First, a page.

ICAAPs

Your ICAAP should reflect your risk management process and how you identify and control the risks you face as a business. It is the responsibility of your Governing Body to understand the risks you face as a business, ensure you have processes in place to manage them, be able to articulate these and determine if you have enough capital to cover your material risks. Firms who have treated the ICAAP as a once a year exercise and have not gone through adequate risk assessment or challenge are finding, to their cost, that this falls below the regulator’s expectations.

As a minimum, the ICAAP should identify the major sources of known and potential risks your business faces, articulate your risk appetite, assess the impact if the risk materialises and take into account stress and scenario testing. It should consider the impact of potential adverse events and stresses on your risk profile and capital adequacy. The ICAAP document is the evidence that a firm has a process in place to consider these risks and the impact on the firm’s solvency.

Stress testing is often not done well and we see firms with either a weak or no stress test framework, resulting in poor test selection, tests not being sufficiently “severe but plausible” and limited governance or challenge around results. You need to make sure that your stress tests include a firm wide and market stress and that you have considered correlation and aggregation in the results.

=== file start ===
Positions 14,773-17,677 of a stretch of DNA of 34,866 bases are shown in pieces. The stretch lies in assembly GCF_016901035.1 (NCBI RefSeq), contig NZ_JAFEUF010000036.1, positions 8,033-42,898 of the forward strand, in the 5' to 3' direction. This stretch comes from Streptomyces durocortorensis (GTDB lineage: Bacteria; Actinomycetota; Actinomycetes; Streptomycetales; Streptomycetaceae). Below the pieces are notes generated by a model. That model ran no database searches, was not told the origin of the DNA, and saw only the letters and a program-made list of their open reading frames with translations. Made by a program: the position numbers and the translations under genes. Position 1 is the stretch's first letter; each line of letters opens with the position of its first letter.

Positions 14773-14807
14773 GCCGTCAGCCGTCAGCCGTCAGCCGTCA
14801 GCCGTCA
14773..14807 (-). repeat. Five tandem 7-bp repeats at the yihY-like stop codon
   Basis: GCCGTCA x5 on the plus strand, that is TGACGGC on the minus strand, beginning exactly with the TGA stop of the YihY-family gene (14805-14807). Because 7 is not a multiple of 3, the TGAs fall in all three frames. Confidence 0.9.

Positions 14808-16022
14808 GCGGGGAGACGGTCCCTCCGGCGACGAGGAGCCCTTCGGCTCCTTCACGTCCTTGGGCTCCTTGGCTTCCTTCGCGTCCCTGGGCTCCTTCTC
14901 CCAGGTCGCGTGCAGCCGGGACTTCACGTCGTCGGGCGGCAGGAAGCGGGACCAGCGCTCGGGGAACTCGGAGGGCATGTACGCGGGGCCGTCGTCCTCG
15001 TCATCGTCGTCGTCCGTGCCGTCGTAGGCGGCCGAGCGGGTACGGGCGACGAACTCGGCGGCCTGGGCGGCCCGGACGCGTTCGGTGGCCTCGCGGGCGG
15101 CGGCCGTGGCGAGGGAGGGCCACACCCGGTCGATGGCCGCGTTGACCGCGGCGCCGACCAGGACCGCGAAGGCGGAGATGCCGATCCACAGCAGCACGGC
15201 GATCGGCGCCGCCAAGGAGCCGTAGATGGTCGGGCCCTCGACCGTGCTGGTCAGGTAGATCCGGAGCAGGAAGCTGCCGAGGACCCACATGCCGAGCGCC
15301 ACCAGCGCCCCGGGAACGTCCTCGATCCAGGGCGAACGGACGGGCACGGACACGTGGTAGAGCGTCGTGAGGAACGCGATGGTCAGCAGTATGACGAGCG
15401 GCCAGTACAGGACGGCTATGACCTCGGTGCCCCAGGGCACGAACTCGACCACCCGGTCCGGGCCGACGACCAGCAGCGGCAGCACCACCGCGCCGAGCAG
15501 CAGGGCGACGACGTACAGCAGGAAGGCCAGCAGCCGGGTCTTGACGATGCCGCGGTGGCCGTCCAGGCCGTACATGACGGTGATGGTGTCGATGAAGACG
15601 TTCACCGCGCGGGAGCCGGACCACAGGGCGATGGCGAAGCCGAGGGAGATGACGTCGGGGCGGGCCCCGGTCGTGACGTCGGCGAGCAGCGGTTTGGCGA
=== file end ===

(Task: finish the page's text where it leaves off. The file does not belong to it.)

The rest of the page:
ICAAP and SREP

Banks and CRD IV Investment firms are subject to regular Supervisory Review and Evaluation Process (SREP) reviews. For Banks, a review of their ICAAP by the regulator is not new but, for some investment firms, they may be receiving feedback on their ICAAP document for the first time. Often, the news is not good and firms emerge with a large capital add on. Once the capital add on has been calculated, you will not be able to negotiate until the next scheduled SREP visit.

There are some common themes emerging from SREP visits:

  • Incorrect calculation of Pillar 1 numbers
  • The ICAAP does not accurately describe the firm’s risk management process
  • Operational risks are not fully captured or calculated in sufficient detail
  • Liquidity is not covered
  • Wind down plans/recovery plans are not integrated into the ICAAP
  • Poor stress testing section.

Our Prudential Team has the skill sets and experience to help you. We see ICAAPs and associated regulatory feedback for a large range of firms and can use this knowledge to help you update your ICAAP process and documentation and we can provide training.

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